Water Gun - Types - Piston / Squirt Gun

Piston / Squirt Gun

Many early small water guns used the same trigger based pumping mechanism used for spray bottles. In this type of device, the trigger actuates a positive displacement pump shaft. With the aid of two check valves, often using small ball bearings, fluid is drawn into the pump from a reservoir, then forced out the nozzle upon squeezing the trigger. The simplicity of the spraying mechanism allowed these toys to be manufactured cheaply, and allowed the majority of the body to be used as the reservoir. The primary limitation with this design is the volume of water that can be effectively moved per pump. Increasing pump volume would require more user effort to push the fluid out, making larger designs impractical. However, this technology remains widely used today both in spray bottles as well as small water guns that can be found in a wide variety of shapes and colors.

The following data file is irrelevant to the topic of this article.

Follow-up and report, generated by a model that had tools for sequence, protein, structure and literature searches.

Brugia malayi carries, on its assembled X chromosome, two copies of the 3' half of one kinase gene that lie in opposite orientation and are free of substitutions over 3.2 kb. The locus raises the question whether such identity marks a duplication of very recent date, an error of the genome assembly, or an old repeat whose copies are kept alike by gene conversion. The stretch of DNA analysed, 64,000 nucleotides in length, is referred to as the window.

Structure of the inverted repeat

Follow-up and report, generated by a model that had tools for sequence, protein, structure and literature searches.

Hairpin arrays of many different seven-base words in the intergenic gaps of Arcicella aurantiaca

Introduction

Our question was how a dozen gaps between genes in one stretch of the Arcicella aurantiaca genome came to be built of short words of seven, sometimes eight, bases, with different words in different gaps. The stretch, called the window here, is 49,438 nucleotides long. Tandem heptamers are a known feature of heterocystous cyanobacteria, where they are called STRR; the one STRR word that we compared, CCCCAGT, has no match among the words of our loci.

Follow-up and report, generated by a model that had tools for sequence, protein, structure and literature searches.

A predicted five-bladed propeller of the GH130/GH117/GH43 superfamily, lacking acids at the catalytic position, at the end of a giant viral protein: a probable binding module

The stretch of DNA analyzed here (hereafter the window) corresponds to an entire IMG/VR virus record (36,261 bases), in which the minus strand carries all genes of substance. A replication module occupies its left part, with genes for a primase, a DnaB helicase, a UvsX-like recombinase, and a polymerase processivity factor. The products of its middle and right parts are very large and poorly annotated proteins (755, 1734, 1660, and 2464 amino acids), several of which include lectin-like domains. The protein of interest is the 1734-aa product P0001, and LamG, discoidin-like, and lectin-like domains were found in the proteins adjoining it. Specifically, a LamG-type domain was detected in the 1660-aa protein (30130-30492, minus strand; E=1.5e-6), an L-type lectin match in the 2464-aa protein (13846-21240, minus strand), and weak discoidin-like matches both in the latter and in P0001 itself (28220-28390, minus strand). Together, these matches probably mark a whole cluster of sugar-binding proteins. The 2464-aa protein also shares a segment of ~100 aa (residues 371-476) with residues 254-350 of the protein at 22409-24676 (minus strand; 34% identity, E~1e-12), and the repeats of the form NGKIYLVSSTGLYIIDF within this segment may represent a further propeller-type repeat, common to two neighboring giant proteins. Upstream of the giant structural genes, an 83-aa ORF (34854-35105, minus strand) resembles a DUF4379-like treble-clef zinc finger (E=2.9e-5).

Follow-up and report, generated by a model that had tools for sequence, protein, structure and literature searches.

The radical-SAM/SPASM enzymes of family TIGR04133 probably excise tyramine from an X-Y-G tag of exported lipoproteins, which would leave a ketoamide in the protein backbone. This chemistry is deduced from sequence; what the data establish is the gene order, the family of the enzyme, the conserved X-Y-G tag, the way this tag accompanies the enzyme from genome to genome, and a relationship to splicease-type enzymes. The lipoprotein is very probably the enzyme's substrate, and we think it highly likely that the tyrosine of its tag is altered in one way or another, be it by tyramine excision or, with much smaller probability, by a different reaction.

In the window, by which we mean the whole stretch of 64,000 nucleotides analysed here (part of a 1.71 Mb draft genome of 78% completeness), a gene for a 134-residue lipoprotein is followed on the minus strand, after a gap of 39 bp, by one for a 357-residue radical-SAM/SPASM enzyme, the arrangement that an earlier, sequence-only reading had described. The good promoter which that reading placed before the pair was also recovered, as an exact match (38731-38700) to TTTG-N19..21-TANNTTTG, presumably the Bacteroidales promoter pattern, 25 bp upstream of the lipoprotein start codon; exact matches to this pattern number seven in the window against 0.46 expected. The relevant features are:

A piston pumper is another version of this system. They are generally bigger than squirt guns and spray bottles. Piston pumpers do not have triggers. Instead, they fire by moving the pump back and forth. Although the piston pumper has greater output than squirt guns, they tend to be less powerful than pressurized water guns.

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